Architect of exiting autocracy invited to the White House
Monday, May 20 -- Myanmar President Thein Sein’s visit to Washington symbolically celebrates his nation’s embrace of democracy and the rule of law after half a century of dictatorship.
While Sein has overseen impressive progress on reform since his April 2011 election, he is likely to receive a challenging still-to-do list from his U.S. hosts.
Myanmar, also known as Burma, remains mired in ethnic and religious strife and beset by persistent tensions over the pace and scope of reform. Hundreds have been killed in clashes between the military-backed Buddhist majority and Rohingya Muslims and Kachin Christians.
Hundreds of thousands more have fled their homes to escape the violence. Human Rights Watch has accused the government of condoning “a campaign of ethnic cleansing.”
Despite the considerable deficiencies in Myanmar’s post-dictatorship development, the Obama administration has made reconciliation with the country a showcase element of the “Asia pivot” intended to counterbalance China’s dominance in the region.
Obama became the first sitting U.S. president to visit Myanmar when he met with Sein and other leaders in November, and Sein is the first Burmese head of state to be received in the White House since Ne Win in 1966, four years into the late autocrat’s seizure of power and imposition of the “Burmese Way” of socialism.
Since Sein stepped into the leadership role two years ago, he has restored quasi-civilian governance in the country, prompting the United States to gradually lift sanctions in place for 20 years.
Hundreds of political prisoners have been released by the new government in recent months, including 20 freed on Friday in what the leadership denied was a goodwill gesture ahead of Sein’s Washington visit. But hundreds more ethnic and religious minorities jailed for alleged roles in the violent clashes remain in custody by order of the powerful military hierarchy -- a drag on the work to restore democracy likely to figure in Obama administration officials’ talks with Sein.
The Burmese president’s visit follows by eight months that of Aung San Suu Kyi, the long-stifled voice of Myanmar’s pro-democracy movement who was elected to parliament in April 2012. She ran a victory lap around Washington in September, collecting accolades and awards for toughing out two decades of house arrest to keep alive her nation’s hopes of an end to the brutal rule of the junta.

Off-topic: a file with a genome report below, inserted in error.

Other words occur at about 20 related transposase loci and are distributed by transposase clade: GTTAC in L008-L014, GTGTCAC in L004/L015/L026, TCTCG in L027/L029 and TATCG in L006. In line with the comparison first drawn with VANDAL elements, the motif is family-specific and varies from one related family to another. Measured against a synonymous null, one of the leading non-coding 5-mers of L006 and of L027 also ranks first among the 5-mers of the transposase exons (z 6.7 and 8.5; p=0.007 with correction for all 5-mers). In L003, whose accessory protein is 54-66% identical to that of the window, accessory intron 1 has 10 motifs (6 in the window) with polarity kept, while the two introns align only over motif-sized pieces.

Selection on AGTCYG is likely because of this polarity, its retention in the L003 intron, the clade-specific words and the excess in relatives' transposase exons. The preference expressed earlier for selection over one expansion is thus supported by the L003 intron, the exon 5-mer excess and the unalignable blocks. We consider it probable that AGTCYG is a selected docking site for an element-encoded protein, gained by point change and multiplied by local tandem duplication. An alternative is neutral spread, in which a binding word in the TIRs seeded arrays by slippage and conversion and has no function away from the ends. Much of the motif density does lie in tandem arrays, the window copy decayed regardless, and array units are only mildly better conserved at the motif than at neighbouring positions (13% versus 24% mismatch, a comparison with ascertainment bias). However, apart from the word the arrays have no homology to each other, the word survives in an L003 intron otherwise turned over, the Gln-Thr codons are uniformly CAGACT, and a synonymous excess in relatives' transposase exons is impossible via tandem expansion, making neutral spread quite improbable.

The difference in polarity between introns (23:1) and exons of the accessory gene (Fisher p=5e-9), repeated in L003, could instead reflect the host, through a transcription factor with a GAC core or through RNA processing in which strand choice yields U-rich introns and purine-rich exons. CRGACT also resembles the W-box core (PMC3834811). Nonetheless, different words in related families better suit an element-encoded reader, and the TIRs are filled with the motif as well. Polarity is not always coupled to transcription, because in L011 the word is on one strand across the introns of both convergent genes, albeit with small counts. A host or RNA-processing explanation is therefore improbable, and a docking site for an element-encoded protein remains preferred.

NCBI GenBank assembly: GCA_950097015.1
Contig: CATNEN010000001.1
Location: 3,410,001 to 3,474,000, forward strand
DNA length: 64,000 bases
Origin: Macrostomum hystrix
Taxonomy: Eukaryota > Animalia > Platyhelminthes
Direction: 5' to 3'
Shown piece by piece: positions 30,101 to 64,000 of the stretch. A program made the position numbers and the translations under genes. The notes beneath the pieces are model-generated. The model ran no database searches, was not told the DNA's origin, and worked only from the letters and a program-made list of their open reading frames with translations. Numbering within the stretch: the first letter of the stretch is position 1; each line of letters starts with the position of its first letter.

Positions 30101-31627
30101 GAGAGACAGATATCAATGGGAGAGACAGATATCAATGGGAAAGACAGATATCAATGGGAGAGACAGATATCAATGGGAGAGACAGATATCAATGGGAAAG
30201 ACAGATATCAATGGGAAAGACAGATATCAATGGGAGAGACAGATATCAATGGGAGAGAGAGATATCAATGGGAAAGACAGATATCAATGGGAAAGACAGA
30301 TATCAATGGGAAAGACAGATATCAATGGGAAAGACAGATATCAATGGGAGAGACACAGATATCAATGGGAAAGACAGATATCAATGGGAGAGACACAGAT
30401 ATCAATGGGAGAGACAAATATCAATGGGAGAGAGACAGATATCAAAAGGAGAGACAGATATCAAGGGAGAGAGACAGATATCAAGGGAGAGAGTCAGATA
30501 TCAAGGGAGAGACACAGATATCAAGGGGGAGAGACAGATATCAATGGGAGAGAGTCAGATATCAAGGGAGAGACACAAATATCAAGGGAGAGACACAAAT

A continent looks to the future with confidence tempered by fear
Through Monday, May 27 -- An African Union summit that opened Sunday in the Ethiopian capital of Addis Ababa will explore the complex web of developments transforming Africa, from rapid economic growth to unsettling security challenges that stretch across the Sahel.
Foreign policy analysts describe Africa as being in the midst of a “renaissance,” as former colonial subjects post impressive advances in gross domestic product, eradicate endemic diseases and collaborate with global economic giants to tap its wealth of natural resources.
While China has been aggressively sealing resource-extraction deals across Africa, some populations are concerned by the Asian giant’s failure to invest in more broad-based development. African leaders in the most forward-looking countries want growth-spurring infrastructure projects with the foreign partners, like ports, highways and railroads, said Robert McMahon, editor of the Council on Foreign Relations website.
U.S. Secretary of State John F. Kerry will take part in the weeklong gathering to reinforce U.S. support for the AU’s growing self-confidence and assertiveness in intervening to resolve the continent’s problems.
Despite laudable economic advances, Africa remains beset with ethnic, religious and ideological unrest, from the aftermath of Mali’s French-backed spring offensive to oust Islamic militants to Nigeria’s ongoing strikes against Boko Haram extremists. A recent coup in the Central African Republic, the threat of war between Sudan and South Sudan, continuing blowback from the 2011 Libyan civil war and fresh clashes between Congolese government troops and rebel factions are also focusing the diplomats’ attention on security matters this week.
Farewell to a Riviera spectacle fanned by golden palms
Sunday, May 26 -- The glitz, glamor and politics of the film world's most prestigious festival culminate in the awarding of the Festival du Cannes Palme d’Or statues on Sunday.
This year’s international jury president, Steven Spielberg, brings solid gold Hollywood credentials to the prestigious competition, though no less mystery than in years past about what type of film will win his vote. Twenty diverse selections from around the world are in competition at the 12-day event.
Angling for the Palme d’Or are Roman Polanski’s “Venus in Fur,” Steven Soderbergh’s “Behind the Candelabra,” Alexander Payne’s “Nebraska,” Jim Jarmusch’s “Only Lovers Left Alive” and “Inside Llewyn Davis” by brothers Ethan and Joel Coen.
Two directors who grappled with tough censorship regimens, Asghar Farhadi of Iran and Jia Zhangke of China, debuted their films Friday and sought to assure the cinema world press that they labor to protect their art from the state’s heavily wielded scalpel.
Farhadi’s “The Past,” about a divorcing couple, mostly steers clear of politics, as did his 2012 Academy Award-winning “A Separation.” Jia’s “A Touch of Sin,” though, confronts head-on the social upheavals inflicted by China’s hellbent economic development.
Another member of the panel to decide the Palme d’Or winners is Australian actress Nicole Kidman, who on Friday was on hand for the release of a clip from the Grace Kelly biopic in which she will appear later this year. “Grace of Monaco” was shot just 40 miles down the coast in the French Riviera principality where Kelly spent her last years as European royalty before a 1982 car accident took her life at age 52.